Small Radios Big Televisions is an odd little game developed by Fire Face and published by Adult Swim Games. At its heart it’s a very simplistic exploration puzzle game that seeks to woo the player with trippy visuals rather than actual engaging gameplay. Unfortunately the result is a barren affair that feels less like high art and more like postmodern indie wank.
Member cassettes? I member
SMBT does little to introduce itself, simply thrusting you into a strange facility and letting you have at it. You play as…a reticule…that can open doors and manipulate simple machinery and objects. The main mechanic in the game is a series of cassettes you can play in your trusty Walkman. Playing a tape will transport you to a strange world where your objective is usually to find a green gem to open doors. If you can’t find one you can mess the scene up using magnetic distorters littered about the joint and then have another crack. All in all, the gameplay is barely there and the puzzles are about as hard to solve as a crossword in a Dolly magazine.
Become the mighty reticule
This is where Tree Fu Tom comes to drop acid
You need to be this rad to play this game
One thing you can say about the game is that the visuals are quite interesting. Each cassette has a particular theme and some of them definitely triggered some acid flashbacks. There’s also a really slick and subdued sci-fi synth soundtrack that pairs nicely with the triptophonic visuals.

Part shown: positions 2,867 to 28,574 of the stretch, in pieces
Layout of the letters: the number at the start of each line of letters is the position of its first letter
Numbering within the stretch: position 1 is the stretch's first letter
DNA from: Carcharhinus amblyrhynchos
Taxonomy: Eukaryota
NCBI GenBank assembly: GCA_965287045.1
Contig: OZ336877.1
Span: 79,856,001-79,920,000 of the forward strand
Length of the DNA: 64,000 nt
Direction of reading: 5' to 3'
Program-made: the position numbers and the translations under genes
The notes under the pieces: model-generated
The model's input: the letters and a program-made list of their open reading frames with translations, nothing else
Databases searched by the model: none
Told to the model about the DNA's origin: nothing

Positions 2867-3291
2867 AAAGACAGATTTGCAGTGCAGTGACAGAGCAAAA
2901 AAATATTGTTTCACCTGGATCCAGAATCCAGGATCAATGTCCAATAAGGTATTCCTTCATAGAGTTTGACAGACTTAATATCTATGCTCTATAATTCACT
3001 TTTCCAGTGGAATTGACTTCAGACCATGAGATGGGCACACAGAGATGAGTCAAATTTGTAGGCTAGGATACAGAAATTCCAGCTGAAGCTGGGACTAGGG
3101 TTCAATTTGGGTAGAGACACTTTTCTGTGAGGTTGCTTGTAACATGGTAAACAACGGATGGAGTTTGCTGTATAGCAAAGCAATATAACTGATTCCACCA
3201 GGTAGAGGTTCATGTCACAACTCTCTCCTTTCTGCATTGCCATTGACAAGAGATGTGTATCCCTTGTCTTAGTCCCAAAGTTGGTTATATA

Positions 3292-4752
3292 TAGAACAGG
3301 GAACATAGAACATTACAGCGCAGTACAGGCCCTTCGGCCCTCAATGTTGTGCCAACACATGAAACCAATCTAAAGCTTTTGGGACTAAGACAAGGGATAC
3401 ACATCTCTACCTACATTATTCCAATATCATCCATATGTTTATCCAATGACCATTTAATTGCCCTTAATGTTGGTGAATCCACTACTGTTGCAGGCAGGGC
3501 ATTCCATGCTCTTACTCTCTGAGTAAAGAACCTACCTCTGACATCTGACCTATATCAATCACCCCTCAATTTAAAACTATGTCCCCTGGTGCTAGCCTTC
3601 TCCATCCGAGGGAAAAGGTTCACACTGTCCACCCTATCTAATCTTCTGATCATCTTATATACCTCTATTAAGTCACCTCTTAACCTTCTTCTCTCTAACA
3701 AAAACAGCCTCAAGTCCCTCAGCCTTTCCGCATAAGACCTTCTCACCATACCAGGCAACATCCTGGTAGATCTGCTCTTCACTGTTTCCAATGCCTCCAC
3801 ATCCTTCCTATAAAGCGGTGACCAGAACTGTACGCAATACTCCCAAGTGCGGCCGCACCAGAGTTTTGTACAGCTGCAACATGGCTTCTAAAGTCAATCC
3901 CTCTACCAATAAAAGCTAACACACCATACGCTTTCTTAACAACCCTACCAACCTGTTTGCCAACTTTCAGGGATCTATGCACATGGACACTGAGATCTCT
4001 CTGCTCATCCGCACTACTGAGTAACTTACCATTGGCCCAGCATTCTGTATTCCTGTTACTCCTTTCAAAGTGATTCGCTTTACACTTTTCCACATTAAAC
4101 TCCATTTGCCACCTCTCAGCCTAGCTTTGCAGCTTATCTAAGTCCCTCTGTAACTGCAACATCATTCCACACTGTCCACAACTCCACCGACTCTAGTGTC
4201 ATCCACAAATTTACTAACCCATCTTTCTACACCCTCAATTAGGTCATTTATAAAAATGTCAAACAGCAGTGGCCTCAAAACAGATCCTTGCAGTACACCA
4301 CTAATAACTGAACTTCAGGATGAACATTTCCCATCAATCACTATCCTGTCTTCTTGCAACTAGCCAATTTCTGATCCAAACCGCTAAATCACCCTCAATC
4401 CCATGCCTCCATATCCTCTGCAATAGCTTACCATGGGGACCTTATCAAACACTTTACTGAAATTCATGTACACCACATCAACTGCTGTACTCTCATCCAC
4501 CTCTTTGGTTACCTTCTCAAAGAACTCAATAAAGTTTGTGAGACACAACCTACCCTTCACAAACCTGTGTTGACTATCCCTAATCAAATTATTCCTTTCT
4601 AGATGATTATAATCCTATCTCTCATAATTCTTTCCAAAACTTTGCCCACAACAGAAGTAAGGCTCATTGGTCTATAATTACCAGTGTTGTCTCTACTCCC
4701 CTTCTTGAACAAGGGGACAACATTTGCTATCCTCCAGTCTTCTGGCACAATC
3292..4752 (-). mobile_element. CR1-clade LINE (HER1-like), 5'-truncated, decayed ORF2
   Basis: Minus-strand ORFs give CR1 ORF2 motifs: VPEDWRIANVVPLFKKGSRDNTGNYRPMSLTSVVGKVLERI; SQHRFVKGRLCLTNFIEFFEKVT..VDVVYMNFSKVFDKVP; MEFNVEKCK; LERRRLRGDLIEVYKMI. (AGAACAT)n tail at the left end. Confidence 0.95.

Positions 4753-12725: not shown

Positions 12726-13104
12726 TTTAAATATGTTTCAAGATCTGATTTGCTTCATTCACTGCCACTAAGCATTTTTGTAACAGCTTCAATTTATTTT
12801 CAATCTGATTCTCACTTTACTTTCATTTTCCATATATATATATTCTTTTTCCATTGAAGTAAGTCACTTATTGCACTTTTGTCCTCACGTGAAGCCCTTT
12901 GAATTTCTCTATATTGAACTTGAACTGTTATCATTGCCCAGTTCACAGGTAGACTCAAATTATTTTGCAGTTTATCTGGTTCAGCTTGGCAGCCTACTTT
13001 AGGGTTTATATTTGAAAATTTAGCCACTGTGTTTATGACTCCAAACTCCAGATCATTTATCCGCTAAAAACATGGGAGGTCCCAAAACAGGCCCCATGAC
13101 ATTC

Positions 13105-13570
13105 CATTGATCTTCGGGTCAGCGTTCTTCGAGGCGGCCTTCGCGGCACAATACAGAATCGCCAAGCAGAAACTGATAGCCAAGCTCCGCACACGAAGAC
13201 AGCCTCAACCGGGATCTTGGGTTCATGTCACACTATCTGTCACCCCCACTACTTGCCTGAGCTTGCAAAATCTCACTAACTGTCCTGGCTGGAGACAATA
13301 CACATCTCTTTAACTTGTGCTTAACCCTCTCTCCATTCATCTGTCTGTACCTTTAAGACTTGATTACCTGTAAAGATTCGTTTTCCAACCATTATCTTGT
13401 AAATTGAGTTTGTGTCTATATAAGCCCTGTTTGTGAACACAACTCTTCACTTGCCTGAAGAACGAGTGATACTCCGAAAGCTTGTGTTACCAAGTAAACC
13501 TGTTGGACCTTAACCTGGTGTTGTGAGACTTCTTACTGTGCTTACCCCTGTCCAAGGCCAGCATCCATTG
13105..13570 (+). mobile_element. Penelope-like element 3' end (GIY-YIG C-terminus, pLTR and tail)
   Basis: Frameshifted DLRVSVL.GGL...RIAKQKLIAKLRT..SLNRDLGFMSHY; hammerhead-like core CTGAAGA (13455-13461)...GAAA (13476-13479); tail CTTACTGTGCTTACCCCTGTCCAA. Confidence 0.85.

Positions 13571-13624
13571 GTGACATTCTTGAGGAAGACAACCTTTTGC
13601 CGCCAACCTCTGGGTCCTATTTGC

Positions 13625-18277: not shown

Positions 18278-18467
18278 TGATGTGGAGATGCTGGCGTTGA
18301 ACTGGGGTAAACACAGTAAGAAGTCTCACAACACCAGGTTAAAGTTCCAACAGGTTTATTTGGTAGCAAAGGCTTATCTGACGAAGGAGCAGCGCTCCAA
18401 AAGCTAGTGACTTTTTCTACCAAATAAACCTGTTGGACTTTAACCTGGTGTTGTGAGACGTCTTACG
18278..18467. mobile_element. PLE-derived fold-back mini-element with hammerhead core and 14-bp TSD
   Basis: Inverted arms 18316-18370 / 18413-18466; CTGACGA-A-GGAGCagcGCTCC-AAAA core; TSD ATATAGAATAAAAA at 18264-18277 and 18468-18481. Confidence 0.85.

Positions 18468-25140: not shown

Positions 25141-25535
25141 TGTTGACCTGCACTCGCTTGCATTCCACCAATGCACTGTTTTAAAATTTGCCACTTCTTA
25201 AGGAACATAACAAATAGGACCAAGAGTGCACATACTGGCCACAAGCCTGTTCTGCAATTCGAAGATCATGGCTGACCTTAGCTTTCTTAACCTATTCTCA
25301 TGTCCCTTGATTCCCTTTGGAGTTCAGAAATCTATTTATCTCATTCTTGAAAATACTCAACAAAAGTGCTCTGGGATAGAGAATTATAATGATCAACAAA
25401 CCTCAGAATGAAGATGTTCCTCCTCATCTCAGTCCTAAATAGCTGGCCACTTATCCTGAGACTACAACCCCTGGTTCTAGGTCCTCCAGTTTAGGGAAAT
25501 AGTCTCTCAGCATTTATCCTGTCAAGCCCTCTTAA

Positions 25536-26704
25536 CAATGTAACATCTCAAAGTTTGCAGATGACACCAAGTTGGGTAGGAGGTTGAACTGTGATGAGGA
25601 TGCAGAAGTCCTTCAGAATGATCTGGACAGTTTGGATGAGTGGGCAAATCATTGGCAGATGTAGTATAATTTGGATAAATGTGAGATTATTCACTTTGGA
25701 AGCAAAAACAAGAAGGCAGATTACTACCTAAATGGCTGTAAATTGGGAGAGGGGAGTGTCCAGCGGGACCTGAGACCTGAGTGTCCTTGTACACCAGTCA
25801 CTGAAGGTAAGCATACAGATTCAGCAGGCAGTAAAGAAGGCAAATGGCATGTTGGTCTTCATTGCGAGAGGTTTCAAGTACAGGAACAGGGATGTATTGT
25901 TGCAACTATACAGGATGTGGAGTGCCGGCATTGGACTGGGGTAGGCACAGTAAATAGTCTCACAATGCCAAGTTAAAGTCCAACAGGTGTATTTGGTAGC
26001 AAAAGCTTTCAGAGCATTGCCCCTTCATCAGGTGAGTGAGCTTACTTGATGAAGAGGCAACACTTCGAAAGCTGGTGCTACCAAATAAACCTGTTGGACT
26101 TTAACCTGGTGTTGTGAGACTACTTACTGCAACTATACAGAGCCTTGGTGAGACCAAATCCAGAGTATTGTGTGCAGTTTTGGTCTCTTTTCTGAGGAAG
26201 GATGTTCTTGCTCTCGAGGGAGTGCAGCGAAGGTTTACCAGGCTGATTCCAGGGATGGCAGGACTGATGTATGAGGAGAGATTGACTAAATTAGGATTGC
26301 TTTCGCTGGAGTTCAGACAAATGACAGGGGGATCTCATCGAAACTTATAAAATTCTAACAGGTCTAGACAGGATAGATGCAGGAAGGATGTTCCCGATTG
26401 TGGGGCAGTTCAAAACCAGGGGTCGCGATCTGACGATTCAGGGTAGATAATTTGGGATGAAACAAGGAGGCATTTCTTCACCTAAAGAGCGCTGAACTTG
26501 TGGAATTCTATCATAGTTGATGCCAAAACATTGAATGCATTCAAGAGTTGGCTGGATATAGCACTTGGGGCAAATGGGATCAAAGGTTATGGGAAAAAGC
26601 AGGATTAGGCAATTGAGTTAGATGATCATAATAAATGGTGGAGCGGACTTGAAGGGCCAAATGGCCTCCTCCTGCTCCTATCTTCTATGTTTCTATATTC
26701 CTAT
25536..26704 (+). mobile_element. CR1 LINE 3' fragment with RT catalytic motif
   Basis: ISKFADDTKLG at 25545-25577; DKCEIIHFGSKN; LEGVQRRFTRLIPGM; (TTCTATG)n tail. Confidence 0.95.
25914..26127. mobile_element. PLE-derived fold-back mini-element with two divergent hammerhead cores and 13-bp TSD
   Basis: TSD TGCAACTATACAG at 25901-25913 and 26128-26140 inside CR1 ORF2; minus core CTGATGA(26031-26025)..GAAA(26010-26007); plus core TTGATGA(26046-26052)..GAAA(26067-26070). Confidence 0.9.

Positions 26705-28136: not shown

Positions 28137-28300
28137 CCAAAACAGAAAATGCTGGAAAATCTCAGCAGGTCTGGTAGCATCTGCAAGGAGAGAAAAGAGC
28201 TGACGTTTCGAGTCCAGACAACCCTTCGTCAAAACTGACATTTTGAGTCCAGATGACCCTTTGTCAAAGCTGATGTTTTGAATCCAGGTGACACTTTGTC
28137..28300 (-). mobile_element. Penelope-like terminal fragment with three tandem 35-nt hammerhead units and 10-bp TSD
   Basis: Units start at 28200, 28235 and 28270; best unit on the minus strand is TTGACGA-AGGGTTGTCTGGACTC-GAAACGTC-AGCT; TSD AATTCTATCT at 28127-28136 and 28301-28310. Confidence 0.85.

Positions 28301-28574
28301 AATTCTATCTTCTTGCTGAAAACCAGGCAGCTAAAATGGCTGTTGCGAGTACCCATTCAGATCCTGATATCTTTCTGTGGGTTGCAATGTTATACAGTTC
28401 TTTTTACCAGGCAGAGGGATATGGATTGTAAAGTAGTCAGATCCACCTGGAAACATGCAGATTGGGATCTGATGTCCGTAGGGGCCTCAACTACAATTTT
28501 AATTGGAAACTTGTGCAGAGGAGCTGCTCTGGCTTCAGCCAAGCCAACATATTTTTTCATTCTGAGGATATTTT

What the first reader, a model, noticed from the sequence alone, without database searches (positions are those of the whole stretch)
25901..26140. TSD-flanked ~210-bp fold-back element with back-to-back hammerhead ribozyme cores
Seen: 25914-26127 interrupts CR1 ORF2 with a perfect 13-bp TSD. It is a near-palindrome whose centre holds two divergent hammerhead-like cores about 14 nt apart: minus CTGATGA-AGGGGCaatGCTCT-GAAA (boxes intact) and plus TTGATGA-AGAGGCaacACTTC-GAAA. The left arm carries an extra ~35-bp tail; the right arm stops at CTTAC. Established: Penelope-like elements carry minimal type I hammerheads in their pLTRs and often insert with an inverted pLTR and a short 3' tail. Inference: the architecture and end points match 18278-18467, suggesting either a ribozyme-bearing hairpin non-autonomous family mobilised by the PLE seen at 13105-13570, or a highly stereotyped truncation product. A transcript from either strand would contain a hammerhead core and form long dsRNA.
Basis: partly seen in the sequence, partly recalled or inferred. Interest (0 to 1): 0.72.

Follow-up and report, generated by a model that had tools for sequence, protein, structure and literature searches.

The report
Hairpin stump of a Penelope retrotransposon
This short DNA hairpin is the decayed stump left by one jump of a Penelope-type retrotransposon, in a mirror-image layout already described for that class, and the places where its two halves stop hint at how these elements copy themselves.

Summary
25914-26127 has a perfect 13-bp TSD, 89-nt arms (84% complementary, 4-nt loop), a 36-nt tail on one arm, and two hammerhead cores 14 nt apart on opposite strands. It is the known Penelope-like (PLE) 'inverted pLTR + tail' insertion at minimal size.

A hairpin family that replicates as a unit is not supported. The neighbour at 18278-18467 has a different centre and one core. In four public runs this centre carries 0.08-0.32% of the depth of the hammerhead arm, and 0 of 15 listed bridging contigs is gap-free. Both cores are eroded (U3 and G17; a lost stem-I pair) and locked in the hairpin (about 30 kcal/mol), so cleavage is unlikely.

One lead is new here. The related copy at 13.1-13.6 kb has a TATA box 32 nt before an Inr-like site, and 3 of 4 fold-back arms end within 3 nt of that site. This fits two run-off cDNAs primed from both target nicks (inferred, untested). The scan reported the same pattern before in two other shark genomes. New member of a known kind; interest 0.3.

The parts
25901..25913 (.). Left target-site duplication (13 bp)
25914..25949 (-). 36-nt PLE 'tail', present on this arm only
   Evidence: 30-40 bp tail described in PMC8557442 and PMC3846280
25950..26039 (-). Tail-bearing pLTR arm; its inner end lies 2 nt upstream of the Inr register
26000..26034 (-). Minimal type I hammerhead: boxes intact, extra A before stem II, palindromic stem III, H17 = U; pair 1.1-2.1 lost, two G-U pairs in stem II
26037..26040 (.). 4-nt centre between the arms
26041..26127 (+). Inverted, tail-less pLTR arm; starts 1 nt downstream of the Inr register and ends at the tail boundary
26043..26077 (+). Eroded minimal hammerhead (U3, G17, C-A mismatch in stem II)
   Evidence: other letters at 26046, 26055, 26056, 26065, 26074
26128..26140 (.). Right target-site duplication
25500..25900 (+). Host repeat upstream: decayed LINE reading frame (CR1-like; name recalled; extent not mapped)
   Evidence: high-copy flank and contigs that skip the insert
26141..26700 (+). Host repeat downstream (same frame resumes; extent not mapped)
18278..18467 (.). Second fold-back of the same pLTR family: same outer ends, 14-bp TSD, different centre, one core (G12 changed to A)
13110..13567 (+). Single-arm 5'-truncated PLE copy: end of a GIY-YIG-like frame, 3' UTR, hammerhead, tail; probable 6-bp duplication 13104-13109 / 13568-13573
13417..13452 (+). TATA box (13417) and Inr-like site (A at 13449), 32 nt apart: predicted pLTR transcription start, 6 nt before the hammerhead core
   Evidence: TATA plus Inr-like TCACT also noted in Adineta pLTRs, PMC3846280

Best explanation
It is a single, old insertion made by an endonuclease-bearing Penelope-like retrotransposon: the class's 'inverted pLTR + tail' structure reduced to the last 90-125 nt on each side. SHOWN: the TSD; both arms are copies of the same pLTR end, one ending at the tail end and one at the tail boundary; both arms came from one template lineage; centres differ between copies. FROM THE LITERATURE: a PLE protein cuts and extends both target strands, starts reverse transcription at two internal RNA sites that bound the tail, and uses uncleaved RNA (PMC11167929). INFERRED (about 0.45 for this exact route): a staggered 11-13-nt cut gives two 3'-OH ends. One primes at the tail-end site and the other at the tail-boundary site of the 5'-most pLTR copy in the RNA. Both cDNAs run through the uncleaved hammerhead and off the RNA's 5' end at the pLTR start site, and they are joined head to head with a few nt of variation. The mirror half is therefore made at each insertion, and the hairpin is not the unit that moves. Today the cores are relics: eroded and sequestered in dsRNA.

There’s a very vague narrative hidden across the barely two-hour playthrough that is obscure to the point of feeling pointless. Without a compelling narrative, the game flounders to find any sort of traction and the mystery surrounding the facility simply dissipates like the lonely fart of a moustachioed art connoisseur drinking a craft beer in an empty art gallery.
…Without a compelling narrative, the game flounders to find any sort of traction and the mystery surrounding the facility simply dissipates like the lonely fart of a moustachioed art connoisseur drinking a craft beer in an empty art gallery…
Do you mean to this simple puzzle or the game itself? Woah, meta
Ice. Not even once
Small Radios Big Television has a great visual tone and theme, and toys with a few interesting narrative ideas only to lose them to a vagueness that borders on pretentiousness. I get the feeling that this game was created less to be played and more as a vehicle to muck around with quirky visuals. You’ll probably find a few people who enjoy this one, but personally I need a little more game in my games.
Reviewed on PS4